Arce said, “Oil and gas development is worse than COVID-19” in terms of the health of Hispanic children. “We must take a new approach prioritizing the physical, mental and social well-being of our community and create the long-term solution and consider the future generations. The touch tone for any new BLM system must put people first in their health, the health of their communities first.”


Arce said that Latino voters support transitioning to 100% renewable energy over the next 10-15 years. The transition to renewables, she said, “must be just, redressing the past harm, and creating equitable future for the community.”


Jacqui Patterson of the National Association for the Advancements of Colored People said, “The false narratives tell us that there is an inverse relationship between protecting the environment and opportunities to prosper, and that has led us to where we are today, specifically as it relates to the energy sector with the wealthy few using a reckless extractive means to harness and process energy as they amass wealth and power and sacrifice the well-being of workers and of communities in so doing.”


Patterson said both the energy and industrial sectors must be reformed, and “More than shifting to cleaner renewable energy sources, but also giving local communities control over their energy, and stable employment opportunities. The only definite way to end energy economy facilities is to reduce the amount of energy that we need and to advocate for clean renewable sources for communities including solar and wind, and even those sources must be utilized responsibly.”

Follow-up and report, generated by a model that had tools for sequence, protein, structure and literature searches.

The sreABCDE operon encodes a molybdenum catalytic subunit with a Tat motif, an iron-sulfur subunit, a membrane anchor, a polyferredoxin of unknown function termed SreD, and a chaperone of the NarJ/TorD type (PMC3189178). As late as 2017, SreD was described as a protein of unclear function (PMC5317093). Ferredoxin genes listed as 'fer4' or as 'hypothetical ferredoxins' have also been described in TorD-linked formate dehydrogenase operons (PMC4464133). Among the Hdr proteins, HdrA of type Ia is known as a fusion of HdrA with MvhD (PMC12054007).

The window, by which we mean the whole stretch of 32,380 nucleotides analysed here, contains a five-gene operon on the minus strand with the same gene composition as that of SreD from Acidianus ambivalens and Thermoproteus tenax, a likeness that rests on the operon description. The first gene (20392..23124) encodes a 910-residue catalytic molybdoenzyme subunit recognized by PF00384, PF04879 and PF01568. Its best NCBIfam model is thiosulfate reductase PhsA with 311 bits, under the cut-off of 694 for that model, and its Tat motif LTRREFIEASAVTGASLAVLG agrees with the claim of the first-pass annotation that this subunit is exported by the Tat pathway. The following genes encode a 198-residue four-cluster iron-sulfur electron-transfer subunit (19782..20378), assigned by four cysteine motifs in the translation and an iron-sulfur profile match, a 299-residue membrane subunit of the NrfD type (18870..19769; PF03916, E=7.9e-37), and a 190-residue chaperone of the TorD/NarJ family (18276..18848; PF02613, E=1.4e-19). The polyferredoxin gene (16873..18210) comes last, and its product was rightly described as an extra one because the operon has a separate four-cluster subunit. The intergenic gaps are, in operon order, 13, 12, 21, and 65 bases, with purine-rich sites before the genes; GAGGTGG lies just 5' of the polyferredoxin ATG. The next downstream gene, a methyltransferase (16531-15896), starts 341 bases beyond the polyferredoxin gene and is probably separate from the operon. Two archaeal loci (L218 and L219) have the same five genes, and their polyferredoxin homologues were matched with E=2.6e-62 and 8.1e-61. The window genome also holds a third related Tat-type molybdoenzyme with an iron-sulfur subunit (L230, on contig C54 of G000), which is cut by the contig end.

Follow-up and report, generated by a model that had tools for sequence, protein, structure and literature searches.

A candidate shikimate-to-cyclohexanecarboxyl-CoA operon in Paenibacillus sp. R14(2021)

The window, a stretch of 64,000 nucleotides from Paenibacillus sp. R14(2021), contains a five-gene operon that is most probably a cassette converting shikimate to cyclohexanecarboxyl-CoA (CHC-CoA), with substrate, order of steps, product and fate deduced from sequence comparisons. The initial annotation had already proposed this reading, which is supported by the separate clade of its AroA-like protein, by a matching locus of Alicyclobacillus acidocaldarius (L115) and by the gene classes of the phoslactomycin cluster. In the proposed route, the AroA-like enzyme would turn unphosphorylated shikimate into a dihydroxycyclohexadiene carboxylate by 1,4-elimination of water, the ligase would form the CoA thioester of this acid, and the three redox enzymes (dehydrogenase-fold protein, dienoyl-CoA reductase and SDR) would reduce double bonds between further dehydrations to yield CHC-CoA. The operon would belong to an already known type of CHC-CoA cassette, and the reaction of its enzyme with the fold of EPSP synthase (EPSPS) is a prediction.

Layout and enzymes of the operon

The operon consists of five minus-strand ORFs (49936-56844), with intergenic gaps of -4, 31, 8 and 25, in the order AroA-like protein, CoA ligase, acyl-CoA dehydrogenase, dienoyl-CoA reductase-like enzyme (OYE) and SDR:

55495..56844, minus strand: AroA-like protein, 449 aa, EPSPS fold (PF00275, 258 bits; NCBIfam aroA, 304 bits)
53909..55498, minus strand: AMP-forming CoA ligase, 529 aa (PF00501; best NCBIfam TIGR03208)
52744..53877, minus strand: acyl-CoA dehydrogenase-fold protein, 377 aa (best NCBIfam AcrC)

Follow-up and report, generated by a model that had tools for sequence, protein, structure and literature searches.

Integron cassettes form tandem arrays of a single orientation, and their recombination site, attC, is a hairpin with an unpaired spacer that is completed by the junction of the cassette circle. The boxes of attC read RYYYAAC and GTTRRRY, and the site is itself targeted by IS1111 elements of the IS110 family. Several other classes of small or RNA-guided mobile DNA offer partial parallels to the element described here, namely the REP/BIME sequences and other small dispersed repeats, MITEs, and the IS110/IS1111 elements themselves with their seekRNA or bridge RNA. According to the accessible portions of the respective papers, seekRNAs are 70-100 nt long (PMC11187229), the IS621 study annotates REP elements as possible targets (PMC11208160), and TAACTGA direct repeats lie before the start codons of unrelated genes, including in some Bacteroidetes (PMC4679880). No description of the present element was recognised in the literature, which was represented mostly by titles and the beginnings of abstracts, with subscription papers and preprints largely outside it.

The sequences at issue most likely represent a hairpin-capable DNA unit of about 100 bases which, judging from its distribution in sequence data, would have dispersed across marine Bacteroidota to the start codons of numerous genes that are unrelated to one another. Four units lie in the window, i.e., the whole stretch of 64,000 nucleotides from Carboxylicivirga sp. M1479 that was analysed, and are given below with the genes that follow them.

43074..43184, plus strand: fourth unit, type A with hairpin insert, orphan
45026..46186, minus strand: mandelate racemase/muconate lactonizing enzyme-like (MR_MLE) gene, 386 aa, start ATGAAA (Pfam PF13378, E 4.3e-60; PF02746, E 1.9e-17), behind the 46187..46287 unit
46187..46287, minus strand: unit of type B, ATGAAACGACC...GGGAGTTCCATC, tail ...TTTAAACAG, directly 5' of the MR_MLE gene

Beverly Wright of the Deep South Center for Environmental Justice urged Secretary Haaland to undertake an environmental justice review of a federal oil and gas program, “in order to address the racial discrimination that is center to oil and gas operations.”


She noted that for more than 50 years, the oil and gas industry has dominated the Gulf Coast region to the detriment of black communities” by engulfing these communities in massive amounts of pollution from refining and manufacturing.


Mark Squillace, formerly of the University of Wyoming Law School, now with the University of Colorado Law School, echoed the view of Interior Secretary Haaland: “We are probably going to be living with oil and gas development for the foreseeable future, but I think what she also recognized is that we need to be thinking about how we're going to ratchet down oil and gas development in light of climate change and the concerns that that has raised for us.”


Squillace said the rapid decline of the coal industry was predictable, “and I think the same kind of writing is on the wall a bit for the oil and gas industry.” He said it’s important that we “be thinking strategically about how to manage this decline in a way that I think is most responsible.”


Squillace suggested that the Interior Department increase rental fees from $2 per acre to $10 per acre for leases, as well as increase royalties to 20%, and increase minimum bids for leased parcels.


“If we increase rental fees to something like $10 an acre, we would really, I think, see far less leasing going on, but the revenues would likely remain as high or maybe even higher than they are now,” he said. As for royalties, “There would probably be a modest decline in the amount of leasing that happened with increased royalty rates, but that would be more than made up for in terms of revenues.”

“On the environmental side, I would really like to see much more proactive use of lease stipulations and conditions” on applications for permit to drill, he said.